There was a striking contrast about credit unions on full display last week that might be best summed up as "There are a lot more than one way to grow."

A local community focus. Discipline that leads to efficiencies. Innovative thinking. SEGs. Small touches. Big year-end dividends. Unique differentiators. New products. Old standbys. Each of those and so many more could be found carrying a flag during Credit Union Journal's Grow Show.

The name of this annual event implies almost a singularity: it is, after all, a Show about how to Grow a credit union (and is part of Credit Union Journal'slarger editorial mission of doing the same). But the insights shared were anything but singular.

There were 23 speakers spread over two and a half days along with too many hallway and meeting room conversations to count. This issue of Credit Union Journal provides an overview of what was discussed. (To get the full story, make sure you're part of the next Show!)

Here are just a few of the notes I was able to jot down while having the privilege of moderating Grow Show:


* You know the mantra, and perhaps have chanted it yourself: Mobile is the future, Mobile is the future, All hail mobile..." Indeed, Grow Show kicked off with a panel of experts saying just that, with PSCU CEO Mike Kelly even arguing that the mantra is all wrong and that mobile is the present.

So it was hard not to do one of those old Warner Brothers' cartoon double-takes when Jeff Disterhoft, CEO of the rapidly growing and successful University of Iowa Community CU, said he's not buying, that UICCU doesn't offer mobile, and currently has no plans to do so. It's not like UICCU serves Iowa's Amish community. But while there may be demand among some small segments of its membership for mobile access, Disterhoft made clear UICCU's efficient operation reflects discipline about where it invests its capital (which it manages to an 8% ratio).

Besides, noted Disterhoft, should it reach that tipping point where it needs to add mobile, off-the-shelf solutions could have members tapping a mobile app within 60 days.

One other interesting note: Disterhoft was eloquent in discussing the three legs of its business model-Value, Growth, Efficiency (too bad it's not Value, Efficiency and Growth, and then he could say its strategy is to VEG), and most especially the value piece.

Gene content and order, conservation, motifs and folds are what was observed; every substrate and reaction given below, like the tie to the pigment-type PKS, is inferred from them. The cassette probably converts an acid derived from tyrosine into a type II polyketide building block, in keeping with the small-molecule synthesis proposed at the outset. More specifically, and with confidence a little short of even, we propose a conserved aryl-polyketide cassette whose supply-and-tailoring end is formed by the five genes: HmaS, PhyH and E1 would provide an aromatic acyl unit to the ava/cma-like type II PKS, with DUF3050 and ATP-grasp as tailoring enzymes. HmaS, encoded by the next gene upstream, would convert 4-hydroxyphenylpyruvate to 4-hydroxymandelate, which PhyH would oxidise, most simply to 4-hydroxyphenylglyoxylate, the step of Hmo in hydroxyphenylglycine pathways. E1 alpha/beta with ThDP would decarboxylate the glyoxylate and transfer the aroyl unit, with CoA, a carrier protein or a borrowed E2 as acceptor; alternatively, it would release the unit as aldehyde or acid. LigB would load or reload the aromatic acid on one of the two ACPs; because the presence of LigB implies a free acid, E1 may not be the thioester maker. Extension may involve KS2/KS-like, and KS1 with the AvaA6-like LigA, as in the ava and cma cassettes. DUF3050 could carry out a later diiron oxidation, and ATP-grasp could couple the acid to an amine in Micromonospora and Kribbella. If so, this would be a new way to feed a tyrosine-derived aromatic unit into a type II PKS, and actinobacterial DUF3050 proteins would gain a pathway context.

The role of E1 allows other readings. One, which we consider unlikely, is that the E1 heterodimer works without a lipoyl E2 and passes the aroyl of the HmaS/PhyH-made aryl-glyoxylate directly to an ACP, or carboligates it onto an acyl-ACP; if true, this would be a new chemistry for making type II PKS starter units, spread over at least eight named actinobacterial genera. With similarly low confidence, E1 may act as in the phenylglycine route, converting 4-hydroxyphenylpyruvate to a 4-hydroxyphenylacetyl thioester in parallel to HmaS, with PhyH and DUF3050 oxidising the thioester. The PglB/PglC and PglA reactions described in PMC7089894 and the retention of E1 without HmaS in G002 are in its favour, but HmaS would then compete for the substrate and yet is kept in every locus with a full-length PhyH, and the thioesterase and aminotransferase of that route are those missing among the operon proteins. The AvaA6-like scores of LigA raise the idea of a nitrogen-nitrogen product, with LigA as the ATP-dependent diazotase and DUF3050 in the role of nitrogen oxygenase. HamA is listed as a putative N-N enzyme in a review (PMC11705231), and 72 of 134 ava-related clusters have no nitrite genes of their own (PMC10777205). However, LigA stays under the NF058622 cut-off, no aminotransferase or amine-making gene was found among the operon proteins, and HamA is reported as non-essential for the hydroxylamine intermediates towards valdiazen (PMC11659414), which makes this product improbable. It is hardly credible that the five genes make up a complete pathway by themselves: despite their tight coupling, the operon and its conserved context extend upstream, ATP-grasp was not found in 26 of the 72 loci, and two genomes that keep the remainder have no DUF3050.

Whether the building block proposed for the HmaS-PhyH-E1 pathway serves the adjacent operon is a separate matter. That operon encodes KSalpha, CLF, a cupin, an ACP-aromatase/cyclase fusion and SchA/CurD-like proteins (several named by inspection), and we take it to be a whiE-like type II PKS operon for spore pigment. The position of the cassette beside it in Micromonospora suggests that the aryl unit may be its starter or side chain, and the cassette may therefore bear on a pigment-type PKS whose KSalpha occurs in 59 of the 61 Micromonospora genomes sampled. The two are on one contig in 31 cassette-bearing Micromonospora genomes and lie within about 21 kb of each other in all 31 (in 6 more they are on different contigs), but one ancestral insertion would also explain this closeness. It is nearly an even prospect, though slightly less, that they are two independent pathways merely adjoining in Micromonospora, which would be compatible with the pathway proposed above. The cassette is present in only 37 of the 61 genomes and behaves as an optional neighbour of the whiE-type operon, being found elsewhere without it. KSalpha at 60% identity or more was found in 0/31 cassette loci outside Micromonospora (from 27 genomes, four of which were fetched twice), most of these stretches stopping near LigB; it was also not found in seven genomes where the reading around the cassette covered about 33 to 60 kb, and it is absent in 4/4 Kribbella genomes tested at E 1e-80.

His CU "lives by" nine values: truth, trust, mentoring, openness, risk-taking, giving credit, integrity, caring and respect. Disterhoft admitted he initially saw little value in the values. "Now I am the poster child for values," he observed.


* Disterhoft shared the stage with Mark Shobe, CEO of DFCU Financial CU in Michigan, and while the two CEOs have taken different approaches, they shared a fundamental focus on being efficient (although Shobe's CU does offer mobile). DFCU Financial's ROA is 1.53%.

It has added six branches over the past 13 years, but still has the same number of employees. That emphasis has led not just to member and loan growth in a state that has seen an outflow of population, but to the biggest year-end dividends paid by a CU in the U.S. ($130 million since 2006).

By the way, it's worth a visit to to click on the Special Dividend Calculator link to see how to do this right.


* Speaking of efficiencies, a third CEO related a tale of what happens when the issue with efficiencies is the lack thereof.

John Tippets, former CEO of American Airlines FCU, who was brought in by the board of North Island FCU in San Diego when its numbers were headed toward Mexico, recalled his early days after the prior CEO left. The FCU was ordered by NCUA to enact a Net Worth Restoration Plan, and the remaining senior management spent Fridays looking out windows.

You know you're CU is a mess when another CU doesn't want to merge with you, especially in hyper-competitive San Diego.

Not that other CUs in San Diego didn't have their own issues, due in part to a "lemmings" like environment in which everyone had seemingly gone over the real estate cliff. "Bubbles are very deceptive," observed Tippets. "Everyone rationalizes them, but they are very real."

Tippets, who credited the senior managers who remained for their talent and contributions, went to work on the balance sheet. Expenses were pared (including leasing out floors of its new $42-million HQ) and it led a "tactical retreat" as part of the NWRP. "A NWRP is not a long-term plan," pointed out Tippets. "If you follow it to its logical conclusion, you will have great capital on the day before you go out of business."

He said North Island renamed its NCUA problem case officer as the "opportunity case officer," and over three years was able to shrink the one-time billion-dollar CU back into the black. It wasn't until year three that it refocused on lending. Tippets has re-entered retirement (but was gracious enough to be a part of Grow Show), and today "the Island" is no longer surrounded by a sea of red ink.

Frank J. Diekmann can be reached at